david obligingly pulled the lighter out of his pocket and flicked his thumb on it. in his mind, the thumb-flick was always a little snap of his fingers. he had often wondered what that felt like to luke, feeling flame licking at him, feeling it spring to life against his skin--out of it. you could always see the reflections of his fires dancing in luke's eyes when he made them.
'thanks,' paul said, with a hurried grin, and went off past them up the road.
'his older sister sharon smokes,' alan explained. 'she ran away with a biker or something. fell in with all the wrong sort and paul's mother thinks it was all the smoking. well, and drinking. oh, hullo, luke.' he lifted a hand affably and continued up the steps.
astrid hardly ever mentioned cousin ronald--just on off-days, some of them angry and some of them wistful. david had never really understood her attachment to ronald, but he sympathized with astrid anyway because he liked her.
and because he knew the sad look on her face, intimately.
he often thought how odd it was that astrid should not have been related to him by blood, when uncle bernard and cousin ronald were. as far as david could see he had nothing in common with them, whereas he and astrid understood each other very well. he had even understood, when he was only sixteen years old, when he had not known the hammer of the gods from looking at it, that astrid's grief for cousin ronald was for something she had given up perfectly willingly, that you trade innocent happiness for disillusionment on purpose to buy regret.
david thought he might have been going white. he was absolutely positive he had not struck a match. his matches were not anywhere about him. they were, he was sure, on his bedside table, closed in the middle of a book. 'hallo, luke,' he said whitely.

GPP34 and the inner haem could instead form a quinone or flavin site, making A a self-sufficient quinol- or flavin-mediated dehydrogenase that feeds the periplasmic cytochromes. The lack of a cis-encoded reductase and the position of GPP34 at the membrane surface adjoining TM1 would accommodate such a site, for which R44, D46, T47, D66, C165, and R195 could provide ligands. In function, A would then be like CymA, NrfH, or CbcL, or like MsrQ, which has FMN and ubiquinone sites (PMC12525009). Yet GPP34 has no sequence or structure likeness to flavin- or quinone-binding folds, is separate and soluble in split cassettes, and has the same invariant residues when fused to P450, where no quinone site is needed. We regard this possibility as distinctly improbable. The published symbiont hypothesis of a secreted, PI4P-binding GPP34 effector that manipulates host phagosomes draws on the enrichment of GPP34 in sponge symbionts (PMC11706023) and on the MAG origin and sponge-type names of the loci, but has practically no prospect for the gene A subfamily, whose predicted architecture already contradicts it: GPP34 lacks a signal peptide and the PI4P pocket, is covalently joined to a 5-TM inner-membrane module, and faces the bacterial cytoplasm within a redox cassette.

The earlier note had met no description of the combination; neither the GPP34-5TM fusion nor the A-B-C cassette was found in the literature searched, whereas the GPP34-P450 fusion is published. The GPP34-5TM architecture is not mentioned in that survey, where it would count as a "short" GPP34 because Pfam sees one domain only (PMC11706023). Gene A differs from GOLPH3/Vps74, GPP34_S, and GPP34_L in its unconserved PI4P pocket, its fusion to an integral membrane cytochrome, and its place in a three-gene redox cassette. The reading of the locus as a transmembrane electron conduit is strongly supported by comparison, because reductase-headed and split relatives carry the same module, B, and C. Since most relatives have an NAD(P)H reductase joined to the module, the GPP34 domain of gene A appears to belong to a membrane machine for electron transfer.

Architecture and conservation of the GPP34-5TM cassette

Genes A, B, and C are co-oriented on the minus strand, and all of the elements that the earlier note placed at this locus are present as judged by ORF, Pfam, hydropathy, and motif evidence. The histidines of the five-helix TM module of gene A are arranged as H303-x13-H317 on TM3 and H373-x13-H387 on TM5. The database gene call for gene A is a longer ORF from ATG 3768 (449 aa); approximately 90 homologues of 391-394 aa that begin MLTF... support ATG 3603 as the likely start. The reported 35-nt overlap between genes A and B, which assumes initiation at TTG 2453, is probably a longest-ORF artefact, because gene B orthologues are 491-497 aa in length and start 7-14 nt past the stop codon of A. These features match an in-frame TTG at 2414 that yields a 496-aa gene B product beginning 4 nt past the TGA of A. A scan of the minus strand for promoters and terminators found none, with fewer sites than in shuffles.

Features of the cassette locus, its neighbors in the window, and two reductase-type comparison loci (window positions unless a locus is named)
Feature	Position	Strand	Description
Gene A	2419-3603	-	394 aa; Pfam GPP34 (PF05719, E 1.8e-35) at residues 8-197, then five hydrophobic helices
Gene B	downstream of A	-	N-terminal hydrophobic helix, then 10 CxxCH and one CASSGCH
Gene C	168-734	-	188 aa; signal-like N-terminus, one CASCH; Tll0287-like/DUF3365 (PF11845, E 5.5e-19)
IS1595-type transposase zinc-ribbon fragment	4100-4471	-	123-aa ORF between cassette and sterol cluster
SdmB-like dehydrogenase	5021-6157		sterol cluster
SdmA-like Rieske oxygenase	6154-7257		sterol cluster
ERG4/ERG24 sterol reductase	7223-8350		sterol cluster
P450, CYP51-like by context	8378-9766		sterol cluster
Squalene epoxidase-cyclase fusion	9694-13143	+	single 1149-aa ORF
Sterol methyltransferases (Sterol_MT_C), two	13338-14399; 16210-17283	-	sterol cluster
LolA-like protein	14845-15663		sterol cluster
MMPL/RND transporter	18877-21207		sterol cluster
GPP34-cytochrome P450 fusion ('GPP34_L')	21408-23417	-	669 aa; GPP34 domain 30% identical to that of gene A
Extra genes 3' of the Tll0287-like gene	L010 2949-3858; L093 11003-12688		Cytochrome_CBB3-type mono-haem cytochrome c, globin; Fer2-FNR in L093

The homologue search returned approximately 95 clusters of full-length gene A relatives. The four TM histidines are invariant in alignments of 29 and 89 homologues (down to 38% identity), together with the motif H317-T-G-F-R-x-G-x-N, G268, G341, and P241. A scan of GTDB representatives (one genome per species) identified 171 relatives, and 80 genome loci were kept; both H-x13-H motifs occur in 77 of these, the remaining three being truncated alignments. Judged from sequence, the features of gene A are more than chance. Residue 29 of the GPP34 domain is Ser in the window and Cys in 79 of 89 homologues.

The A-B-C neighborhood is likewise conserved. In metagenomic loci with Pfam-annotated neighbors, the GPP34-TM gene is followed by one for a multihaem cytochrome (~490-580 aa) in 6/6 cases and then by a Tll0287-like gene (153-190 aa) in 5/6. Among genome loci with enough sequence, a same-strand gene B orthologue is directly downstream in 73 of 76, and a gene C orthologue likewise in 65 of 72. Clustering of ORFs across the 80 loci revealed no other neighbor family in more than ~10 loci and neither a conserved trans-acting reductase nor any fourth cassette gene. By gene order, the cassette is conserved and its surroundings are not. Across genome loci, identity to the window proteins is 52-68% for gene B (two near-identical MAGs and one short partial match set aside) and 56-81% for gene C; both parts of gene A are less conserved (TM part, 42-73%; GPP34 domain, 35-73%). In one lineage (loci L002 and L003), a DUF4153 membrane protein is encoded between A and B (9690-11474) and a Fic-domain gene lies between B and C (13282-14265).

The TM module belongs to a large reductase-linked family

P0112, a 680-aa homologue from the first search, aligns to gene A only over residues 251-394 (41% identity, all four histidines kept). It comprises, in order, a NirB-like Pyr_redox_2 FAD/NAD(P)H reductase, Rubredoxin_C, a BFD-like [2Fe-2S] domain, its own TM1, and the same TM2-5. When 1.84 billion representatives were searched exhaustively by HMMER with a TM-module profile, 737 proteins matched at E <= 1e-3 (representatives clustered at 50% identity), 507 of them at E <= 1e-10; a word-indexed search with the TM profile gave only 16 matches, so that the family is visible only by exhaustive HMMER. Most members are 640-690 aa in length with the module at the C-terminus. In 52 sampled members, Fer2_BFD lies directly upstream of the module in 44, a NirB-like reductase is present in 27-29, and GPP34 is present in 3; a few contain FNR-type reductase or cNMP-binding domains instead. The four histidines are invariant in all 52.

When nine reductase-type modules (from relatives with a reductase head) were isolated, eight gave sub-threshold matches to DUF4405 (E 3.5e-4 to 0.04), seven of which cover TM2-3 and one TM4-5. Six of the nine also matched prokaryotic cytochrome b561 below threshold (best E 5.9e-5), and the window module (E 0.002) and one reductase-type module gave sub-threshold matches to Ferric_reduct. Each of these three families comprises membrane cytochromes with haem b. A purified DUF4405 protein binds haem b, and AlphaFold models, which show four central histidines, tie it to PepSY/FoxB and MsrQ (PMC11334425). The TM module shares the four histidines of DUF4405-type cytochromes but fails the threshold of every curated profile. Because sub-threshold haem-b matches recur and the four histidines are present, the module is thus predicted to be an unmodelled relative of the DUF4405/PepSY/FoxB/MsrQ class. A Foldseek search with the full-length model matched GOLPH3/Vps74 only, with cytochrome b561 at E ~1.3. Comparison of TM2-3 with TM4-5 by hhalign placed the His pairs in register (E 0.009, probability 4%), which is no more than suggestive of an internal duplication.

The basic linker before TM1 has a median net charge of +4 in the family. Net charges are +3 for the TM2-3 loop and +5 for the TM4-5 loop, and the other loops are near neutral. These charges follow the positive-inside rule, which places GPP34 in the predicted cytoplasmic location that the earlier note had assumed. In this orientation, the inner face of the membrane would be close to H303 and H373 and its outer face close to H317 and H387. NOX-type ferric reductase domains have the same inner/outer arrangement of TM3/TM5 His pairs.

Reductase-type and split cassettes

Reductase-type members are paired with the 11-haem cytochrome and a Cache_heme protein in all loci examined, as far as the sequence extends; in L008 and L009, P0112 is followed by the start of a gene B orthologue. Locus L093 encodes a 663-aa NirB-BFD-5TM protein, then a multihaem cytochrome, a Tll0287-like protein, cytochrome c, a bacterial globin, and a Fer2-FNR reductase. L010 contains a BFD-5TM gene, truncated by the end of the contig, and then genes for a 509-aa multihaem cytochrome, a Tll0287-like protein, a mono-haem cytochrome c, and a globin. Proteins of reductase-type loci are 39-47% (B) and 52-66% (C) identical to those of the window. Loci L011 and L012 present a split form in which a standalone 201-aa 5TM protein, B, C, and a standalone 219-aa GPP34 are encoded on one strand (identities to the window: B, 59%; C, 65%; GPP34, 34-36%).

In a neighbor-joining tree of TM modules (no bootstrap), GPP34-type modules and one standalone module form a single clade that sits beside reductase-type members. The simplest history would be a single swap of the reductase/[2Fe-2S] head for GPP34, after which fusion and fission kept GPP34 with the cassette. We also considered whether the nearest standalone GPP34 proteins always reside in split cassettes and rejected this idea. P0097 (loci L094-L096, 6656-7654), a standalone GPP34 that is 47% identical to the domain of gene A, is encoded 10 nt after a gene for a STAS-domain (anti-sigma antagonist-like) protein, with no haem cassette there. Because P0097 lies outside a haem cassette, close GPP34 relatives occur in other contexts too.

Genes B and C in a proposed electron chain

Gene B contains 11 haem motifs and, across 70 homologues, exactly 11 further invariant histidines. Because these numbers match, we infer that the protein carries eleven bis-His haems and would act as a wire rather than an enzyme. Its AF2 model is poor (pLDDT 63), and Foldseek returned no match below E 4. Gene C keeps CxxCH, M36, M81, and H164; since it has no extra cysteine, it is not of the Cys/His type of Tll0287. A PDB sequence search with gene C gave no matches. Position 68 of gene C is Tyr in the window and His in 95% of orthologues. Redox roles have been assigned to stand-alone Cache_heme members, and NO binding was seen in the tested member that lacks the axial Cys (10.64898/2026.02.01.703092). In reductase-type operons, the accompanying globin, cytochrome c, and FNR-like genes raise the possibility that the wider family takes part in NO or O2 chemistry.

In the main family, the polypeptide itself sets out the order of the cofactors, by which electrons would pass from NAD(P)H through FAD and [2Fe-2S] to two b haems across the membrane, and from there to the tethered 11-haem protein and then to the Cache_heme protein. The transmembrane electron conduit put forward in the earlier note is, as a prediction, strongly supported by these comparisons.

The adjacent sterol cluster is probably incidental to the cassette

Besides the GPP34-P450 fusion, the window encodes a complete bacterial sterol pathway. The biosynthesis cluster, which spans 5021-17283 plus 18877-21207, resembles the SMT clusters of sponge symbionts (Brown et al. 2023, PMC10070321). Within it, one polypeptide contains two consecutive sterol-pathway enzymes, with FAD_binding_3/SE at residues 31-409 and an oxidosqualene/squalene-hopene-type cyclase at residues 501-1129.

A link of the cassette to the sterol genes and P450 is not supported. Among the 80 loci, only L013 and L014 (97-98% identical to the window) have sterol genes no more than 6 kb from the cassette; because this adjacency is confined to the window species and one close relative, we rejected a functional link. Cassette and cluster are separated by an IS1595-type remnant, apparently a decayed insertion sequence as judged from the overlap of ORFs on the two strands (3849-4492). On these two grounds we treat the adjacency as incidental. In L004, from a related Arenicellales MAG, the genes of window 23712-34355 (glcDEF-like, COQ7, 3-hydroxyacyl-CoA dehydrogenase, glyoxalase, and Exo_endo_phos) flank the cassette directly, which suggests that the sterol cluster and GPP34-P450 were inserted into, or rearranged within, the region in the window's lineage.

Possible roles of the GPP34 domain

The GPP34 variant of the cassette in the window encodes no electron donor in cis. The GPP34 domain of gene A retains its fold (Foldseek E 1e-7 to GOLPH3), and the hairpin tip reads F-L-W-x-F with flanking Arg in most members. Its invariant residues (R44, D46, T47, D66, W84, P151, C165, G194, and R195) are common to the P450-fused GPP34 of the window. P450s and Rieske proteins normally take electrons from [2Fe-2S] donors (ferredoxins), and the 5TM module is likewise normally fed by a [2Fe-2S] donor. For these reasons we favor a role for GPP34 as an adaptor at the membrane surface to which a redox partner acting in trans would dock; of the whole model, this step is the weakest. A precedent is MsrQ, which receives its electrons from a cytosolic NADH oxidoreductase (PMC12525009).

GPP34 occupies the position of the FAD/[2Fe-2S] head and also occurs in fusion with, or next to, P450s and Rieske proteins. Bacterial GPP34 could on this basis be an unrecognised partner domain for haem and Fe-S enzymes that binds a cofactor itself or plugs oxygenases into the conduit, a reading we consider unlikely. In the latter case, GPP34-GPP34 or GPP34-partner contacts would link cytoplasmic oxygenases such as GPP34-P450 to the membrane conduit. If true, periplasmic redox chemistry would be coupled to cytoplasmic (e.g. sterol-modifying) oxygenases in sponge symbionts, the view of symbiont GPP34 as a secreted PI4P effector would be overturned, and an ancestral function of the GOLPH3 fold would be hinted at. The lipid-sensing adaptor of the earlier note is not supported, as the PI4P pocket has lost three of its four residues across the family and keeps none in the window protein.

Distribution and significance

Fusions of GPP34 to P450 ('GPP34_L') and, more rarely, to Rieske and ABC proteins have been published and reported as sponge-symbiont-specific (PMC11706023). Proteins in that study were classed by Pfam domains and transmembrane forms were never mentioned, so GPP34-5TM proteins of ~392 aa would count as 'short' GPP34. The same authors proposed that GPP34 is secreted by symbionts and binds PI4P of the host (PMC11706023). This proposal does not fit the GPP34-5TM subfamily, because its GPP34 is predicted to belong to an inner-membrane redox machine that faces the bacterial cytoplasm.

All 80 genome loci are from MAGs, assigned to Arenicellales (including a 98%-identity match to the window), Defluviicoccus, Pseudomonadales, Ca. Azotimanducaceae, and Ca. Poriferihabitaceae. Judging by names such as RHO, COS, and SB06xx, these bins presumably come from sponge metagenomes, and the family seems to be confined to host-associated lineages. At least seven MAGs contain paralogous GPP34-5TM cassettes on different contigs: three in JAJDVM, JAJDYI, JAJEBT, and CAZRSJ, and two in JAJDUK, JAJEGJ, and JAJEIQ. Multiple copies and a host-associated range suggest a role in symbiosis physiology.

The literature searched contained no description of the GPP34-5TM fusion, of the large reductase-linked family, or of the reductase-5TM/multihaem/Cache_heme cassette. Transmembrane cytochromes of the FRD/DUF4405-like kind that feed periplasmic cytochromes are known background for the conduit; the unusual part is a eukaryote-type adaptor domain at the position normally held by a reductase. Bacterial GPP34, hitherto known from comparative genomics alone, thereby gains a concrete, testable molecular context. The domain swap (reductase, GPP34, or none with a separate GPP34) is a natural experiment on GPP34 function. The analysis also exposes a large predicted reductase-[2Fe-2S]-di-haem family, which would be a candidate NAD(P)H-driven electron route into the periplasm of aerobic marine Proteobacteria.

luke grinned very wryly, with his mouth twisting--not a charming grin, or a very human one. it was the least human in luke's arsenal of grins, at least that david had ever seen. he looked down, away from david, and looked back up. 'i heard you,' luke said, shrugging one shoulder. he pointed with it towards the lighter still in david's fingers which he hadn't put back in his pocket.
'oh,' said david whitely, feeling stupid, 'i didn't know you could. i thought only matches.'
'no,' said luke, sitting down on the steps outside alan's house, and chewed thoughtfully on the inside his cheek. 'i hear the other flames too.' he raised his eyebrow. 'i've been hearing them anyway, but i looked in and i thought you hadn't meant to summon me; so i didn't come. you didn't, did you?'
'no,' david said, sitting down on the step next to luke and wishing he could feel he was doing it against his will.
'ah. well, i thought i'd just check,' luke said. 'to be sure.'
the silence which fell was awkward and heavy. david wasn't sure whether he felt guilty for the hold he had on luke, that made him feel he must check to see whether david really wanted anything; or for calling, or for not calling; or for having meant to call, all the times he had not actually done it. he looked up at luke and was surprised to see luke's face looking very pale and pinched, even a little waxy.
some explanation appeared to be called for. 'i didn't want to bother you,' david blurted.
luke looked surprised.
'look, if you feel it every time i light a match or a lighter--or is it every time i'm with a flame? because you came that once astrid struck the match as well--then you can't ever get--i mean, it really doesn't seem fair, does it,' said david confusedly.